Upgrade process

Discussion in 'Installation/Configuration' started by KatyComputer, Apr 28, 2020.

  1. KatyComputer

    KatyComputer New Member

    I am coming from the cpanel world, I am planning on migrating to ISPConfig, I want to understand how updates work assuming I follow: The Perfect Server - Debian 10 (Buster) with Apache, BIND, Dovecot, PureFTPD and ISPConfig 3.1
    When ISPConfig-3.1.16 is released, does this update PHP from 7.3 to 7.4, or is it safe to install 7.4 on an ISPConfig-3.1.15 installation?
    How do we know what can & should be updated? PHP updates are the most likely to break things, but there are quite a few other systems (postfix, dovecot etc) that should be updated regularly.
  2. ganewbie

    ganewbie Member HowtoForge Supporter

  3. Taleman

    Taleman Well-Known Member HowtoForge Supporter

    Seems experience with CPanel has affected your view of server maintenance.
    No. But you can install additional PHP versions following Tutorial: https://www.howtoforge.com/tutorial...fig-3-from-debian-packages-on-debian-8-and-9/ Websites can use these additional PHP versions, configurable per website. Altering the PHP version the OS and ISPConfig use breaks the system.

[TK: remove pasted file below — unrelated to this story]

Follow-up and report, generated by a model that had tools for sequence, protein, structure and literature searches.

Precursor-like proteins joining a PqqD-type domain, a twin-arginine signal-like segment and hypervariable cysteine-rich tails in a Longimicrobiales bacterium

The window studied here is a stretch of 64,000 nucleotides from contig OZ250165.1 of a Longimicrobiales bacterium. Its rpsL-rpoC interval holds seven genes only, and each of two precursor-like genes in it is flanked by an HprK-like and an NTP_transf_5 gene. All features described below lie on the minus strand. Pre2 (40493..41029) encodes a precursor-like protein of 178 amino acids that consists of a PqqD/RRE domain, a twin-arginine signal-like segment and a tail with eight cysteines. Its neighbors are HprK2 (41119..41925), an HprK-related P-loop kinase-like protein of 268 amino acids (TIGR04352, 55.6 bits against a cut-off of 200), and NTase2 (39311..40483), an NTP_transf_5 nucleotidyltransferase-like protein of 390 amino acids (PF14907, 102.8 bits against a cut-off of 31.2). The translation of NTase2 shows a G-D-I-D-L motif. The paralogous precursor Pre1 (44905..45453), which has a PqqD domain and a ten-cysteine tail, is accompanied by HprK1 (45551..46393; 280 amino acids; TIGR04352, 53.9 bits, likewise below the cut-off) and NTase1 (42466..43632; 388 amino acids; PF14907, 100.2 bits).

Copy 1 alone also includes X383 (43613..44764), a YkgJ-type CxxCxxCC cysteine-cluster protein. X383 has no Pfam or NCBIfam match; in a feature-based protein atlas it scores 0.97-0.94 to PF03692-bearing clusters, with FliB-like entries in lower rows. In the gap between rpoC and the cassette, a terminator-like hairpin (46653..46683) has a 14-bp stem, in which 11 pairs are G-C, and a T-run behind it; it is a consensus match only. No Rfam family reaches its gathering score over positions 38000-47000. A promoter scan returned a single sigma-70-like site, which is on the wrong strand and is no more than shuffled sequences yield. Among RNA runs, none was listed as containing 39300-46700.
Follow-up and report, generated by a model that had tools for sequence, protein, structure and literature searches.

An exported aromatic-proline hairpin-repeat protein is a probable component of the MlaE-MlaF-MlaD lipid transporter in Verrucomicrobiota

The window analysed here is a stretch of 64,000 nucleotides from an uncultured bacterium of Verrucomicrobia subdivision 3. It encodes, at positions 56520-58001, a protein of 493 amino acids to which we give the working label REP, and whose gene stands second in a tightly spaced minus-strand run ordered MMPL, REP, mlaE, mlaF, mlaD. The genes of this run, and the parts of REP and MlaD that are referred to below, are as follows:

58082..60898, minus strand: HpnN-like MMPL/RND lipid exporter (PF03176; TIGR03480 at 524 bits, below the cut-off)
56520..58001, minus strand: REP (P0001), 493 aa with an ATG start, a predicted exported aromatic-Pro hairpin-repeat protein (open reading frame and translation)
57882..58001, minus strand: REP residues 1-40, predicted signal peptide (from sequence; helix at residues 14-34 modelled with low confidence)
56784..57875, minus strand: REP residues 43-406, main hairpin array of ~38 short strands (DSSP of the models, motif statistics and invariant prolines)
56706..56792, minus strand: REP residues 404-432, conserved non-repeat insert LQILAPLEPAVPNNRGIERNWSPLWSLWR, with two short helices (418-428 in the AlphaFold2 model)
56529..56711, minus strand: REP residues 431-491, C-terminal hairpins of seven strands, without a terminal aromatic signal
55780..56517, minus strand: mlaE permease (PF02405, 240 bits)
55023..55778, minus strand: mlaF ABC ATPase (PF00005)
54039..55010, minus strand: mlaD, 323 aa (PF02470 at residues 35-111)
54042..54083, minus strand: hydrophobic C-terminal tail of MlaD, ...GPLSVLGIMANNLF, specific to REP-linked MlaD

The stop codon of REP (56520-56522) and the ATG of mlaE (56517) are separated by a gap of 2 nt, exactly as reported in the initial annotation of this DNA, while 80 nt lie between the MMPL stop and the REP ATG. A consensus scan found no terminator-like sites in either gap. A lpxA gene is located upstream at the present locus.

For the Debian OS updates, install and configure unattended-upgrades. Or run apt-get update; apt-get dist-upgrade twice a week. When it is time to upgrade to Debian 11, follow the Debian 11 release notes for upgrade instructions. Then force reconfigure services for ISPConfig.
    For ISPConfig updates, it is like @ganewbie wrote.
    KatyComputer likes this.
  4. KatyComputer

    KatyComputer New Member

    Thanks for the PHP link.
    Hopefully, I don't start a holy war with this comment, but yes CPanel has affected my view of server maintenance. It was an outstanding solution delivered at a reasonable price. For $200 a year, I could load up a server with 50 domains, host their email websites, mailing lists, chat servers you name it. If something broke, I log into WHM, click a few buttons and a well trained tech would remote into my server and fix it. After fixing whatever I broke (usually within 20 minutes), they tell me what went wrong and how I can fix it myself the next time. As a consequence, a large ecosystem of programmers, web hosting providers and add-one products was developed. I will be bringing Softaculous with me to ISPConfig, I'll miss JetBackup & FleetSSL cPanel. OTOH, I really like the ISPConfig community and the fact ISPConfig sits on top of Debian -- it plays nicely with Proxmox :)
    I suppose I should be thankful the new CPanel owners are now charging $540 per year, I never would have made the switch if not for their arrogance.

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